Indonesian President Joko Widodo was being tested for COVID-19 on Sunday after his transportation minister, Budi Karya Sumadi, tested positive for coronavirus.
Morocco suspended all international flights Sunday to limit the spread of coronavirus. The announcement is a drastic move for the North African country, which relies heavily on international tourism to its Atlantic beaches, desert towns and northern mountains.
Hungary has reported its first death linked to coronavirus, a 75-year-old man who had been hospitalized with pneumonia.
Worse problems at airports
U.S. state officials like llinois Gov. J.B. Pritzker are upset that federal agents have created huge lines and crowds at U.S. airports as Americans return from vacations in Europe. And he says the U.S. airports are going to see even worse problems on that front Sunday because there are even more flights returning.
He tells ABC's ``This Week" that the federal government should have known when President Donald Trump "gave the orders that European travel back to the United States was going to be cut off, that there would be influx of people."
Pritzker said authorities should have increased the Customs and Border Patrol numbers and medical workers at airports like Chicago's O'Hare but "they did neither of those." He said the packed crowds of people are "exactly what you don't want in this pandemic."
He said the only communications he has received was a call from a White House staffer "who yelled at me" for pointing the problem out to Trump in a tweet.
Spain's numbers double in 24 hours
Health authorities in Spain say deaths from the coronavirus have more than doubled in 24 hours, while total infections approached 8,000.
The Health Ministry said Spain has recorded 288 deaths since the start of the pandemic, up from 136 on Saturday. The European Union nation has 7,753 infections, up from 5,700 on Saturday, with around half of them concentrated in the capital of Madrid.
The jump comes a day after Spain's government declared a state of emergency and took extraordinary measures to limit movement to commuting to work and necessary errands. It has also closed restaurants, bars, most retail shops and reduced public transport.
Holy week plans
The Vatican says all Holy Week ceremonies will take place without the "physical presence of the faithful" because of the health emergency over the coronavirus.
The Vatican tweeted Sunday citing an announcement by the office of the pontifical household said that until April 12, when Easter Sunday is celebrated this year, all the general audiences on Wednesday as well as Pope Francis weekly Sunday noon prayer will be streamed by the Vatican.
Among popular Holy Week ceremonies is the Good Friday Way of the Cross torchlit procession at Rome's Colosseum.
Holy Week ceremonies usually draw tens of thousands of people to Rome, but with Italy the European center of the COVID-19 outbreak, tourism in the country has vanished.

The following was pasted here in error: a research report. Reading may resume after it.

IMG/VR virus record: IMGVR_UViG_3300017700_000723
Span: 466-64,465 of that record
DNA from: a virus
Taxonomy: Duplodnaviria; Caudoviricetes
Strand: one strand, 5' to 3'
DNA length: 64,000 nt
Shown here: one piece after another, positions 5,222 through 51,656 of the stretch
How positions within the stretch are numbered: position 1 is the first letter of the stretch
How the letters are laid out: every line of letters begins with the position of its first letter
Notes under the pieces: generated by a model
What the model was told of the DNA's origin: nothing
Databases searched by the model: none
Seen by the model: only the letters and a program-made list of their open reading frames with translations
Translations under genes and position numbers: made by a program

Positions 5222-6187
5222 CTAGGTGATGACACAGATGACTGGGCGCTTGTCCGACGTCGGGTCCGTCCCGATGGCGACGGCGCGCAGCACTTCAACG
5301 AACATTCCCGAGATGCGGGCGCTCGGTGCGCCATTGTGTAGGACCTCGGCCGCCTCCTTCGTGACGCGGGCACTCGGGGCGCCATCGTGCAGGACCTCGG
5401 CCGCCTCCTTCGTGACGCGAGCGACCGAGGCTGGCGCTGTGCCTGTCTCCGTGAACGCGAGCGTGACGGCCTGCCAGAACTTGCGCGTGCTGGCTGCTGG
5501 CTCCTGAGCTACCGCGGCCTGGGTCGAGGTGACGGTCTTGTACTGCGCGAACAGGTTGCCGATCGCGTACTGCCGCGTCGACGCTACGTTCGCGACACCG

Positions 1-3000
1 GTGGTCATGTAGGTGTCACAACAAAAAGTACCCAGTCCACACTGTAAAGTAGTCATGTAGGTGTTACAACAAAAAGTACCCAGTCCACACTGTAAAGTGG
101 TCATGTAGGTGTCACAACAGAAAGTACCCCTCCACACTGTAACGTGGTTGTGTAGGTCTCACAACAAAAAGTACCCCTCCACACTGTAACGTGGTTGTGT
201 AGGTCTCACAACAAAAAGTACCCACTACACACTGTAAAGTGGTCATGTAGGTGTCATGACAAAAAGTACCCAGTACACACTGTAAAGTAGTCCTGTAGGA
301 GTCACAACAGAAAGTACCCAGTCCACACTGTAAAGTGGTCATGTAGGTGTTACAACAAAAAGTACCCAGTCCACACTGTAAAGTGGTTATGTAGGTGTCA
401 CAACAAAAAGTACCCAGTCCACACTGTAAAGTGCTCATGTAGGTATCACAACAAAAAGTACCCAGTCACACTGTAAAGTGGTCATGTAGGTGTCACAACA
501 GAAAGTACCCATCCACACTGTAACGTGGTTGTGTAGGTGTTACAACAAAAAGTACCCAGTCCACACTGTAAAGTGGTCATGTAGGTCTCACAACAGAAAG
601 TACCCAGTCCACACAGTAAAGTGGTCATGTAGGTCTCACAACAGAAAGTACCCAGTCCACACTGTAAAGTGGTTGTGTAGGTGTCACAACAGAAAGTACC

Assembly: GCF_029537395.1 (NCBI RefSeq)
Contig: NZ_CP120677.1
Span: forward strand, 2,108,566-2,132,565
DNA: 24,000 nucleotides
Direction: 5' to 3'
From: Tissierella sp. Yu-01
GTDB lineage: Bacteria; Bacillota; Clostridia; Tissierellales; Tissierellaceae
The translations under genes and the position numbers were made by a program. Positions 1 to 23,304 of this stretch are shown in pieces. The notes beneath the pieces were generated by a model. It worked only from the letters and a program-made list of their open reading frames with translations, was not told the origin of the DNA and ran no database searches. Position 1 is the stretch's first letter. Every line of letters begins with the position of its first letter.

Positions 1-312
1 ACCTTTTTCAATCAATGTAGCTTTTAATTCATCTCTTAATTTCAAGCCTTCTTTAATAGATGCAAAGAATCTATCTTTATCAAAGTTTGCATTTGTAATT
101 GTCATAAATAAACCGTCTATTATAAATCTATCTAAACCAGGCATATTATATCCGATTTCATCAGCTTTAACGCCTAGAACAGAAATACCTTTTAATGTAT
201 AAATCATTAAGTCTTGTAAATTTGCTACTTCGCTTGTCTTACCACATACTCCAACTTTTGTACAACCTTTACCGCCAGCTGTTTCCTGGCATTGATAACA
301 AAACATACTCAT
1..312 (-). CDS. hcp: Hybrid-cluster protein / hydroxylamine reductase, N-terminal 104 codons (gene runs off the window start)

Brunei says it will ban its citizens and residents from traveling abroad starting Monday in a drastic move to stem further cases of COVID-19. The tiny oil-rich sultanate has been hit by 50 cases in just a week since it confirmed its first case on March 9. This included 10 new cases reported Sunday.
United Kingdom sets out emergency powers
Britain's top health official says the government plans to set out emergency powers this week to deal with the viral outbreak, including requiring the elderly to self-isolate and banning mass gatherings.
Health Secretary Matt Hancock said Sunday the government's bill laying out its emergency action plan would be unveiled on Tuesday and published Thursday.
Britain has taken a different approach and hasn't yet heavily restricted everyday activities in the same way other countries across Europe have done, but Hancock's comments suggested the government was ready to escalate its efforts. Britain has 1,140 confirmed virus cases and 21 deaths.
Italians are being left even more isolated Sunday amid a national lockdown to stop the spread of coronavirus.
Italy's transport minister signed a decree Saturday banning passengers from taking ferries to Sardinia, a large Mediterranean island.
Sardinia's governor had asked for the ban to stop travelers from bringing possible infection from the mainland peninsula. Cargo can still go by ferry to the island, but every day people will need special permission from the governor to hop aboard.
The minister also banned overnight train trips, which many in the north had been taking to reach homes and families in the south. Italy has the largest outbreak outside of China, with 21,000 infections and 1,441 deaths.
Long lines at airports
Travelers returning to the U.S. from Europe have been greeted with hourslong waits for required medical screenings at airports.
While American citizens, green card holders and some others are allowed to return to the U.S. amid new European travel restrictions, they're being funneled to 13 U.S. airports where they're subject to health screenings and quarantine orders.
Acting Secretary Chad Wolf says the U.S. Department of Homeland Security is trying to add additional screening capacity and work with airlines to expedite the process.
Videos and photos posted to social media showed packed, winding lines of returning travelers. On Twitter, airports like Dallas/Fort Worth and Chicago O'Hare acknowledged the delays and asked for patience. But local politicians were incensed.
The Associated Press receives support for health and science coverage from the Howard Hughes Medical Institute's Department of Science Education. The AP is solely responsible for all content.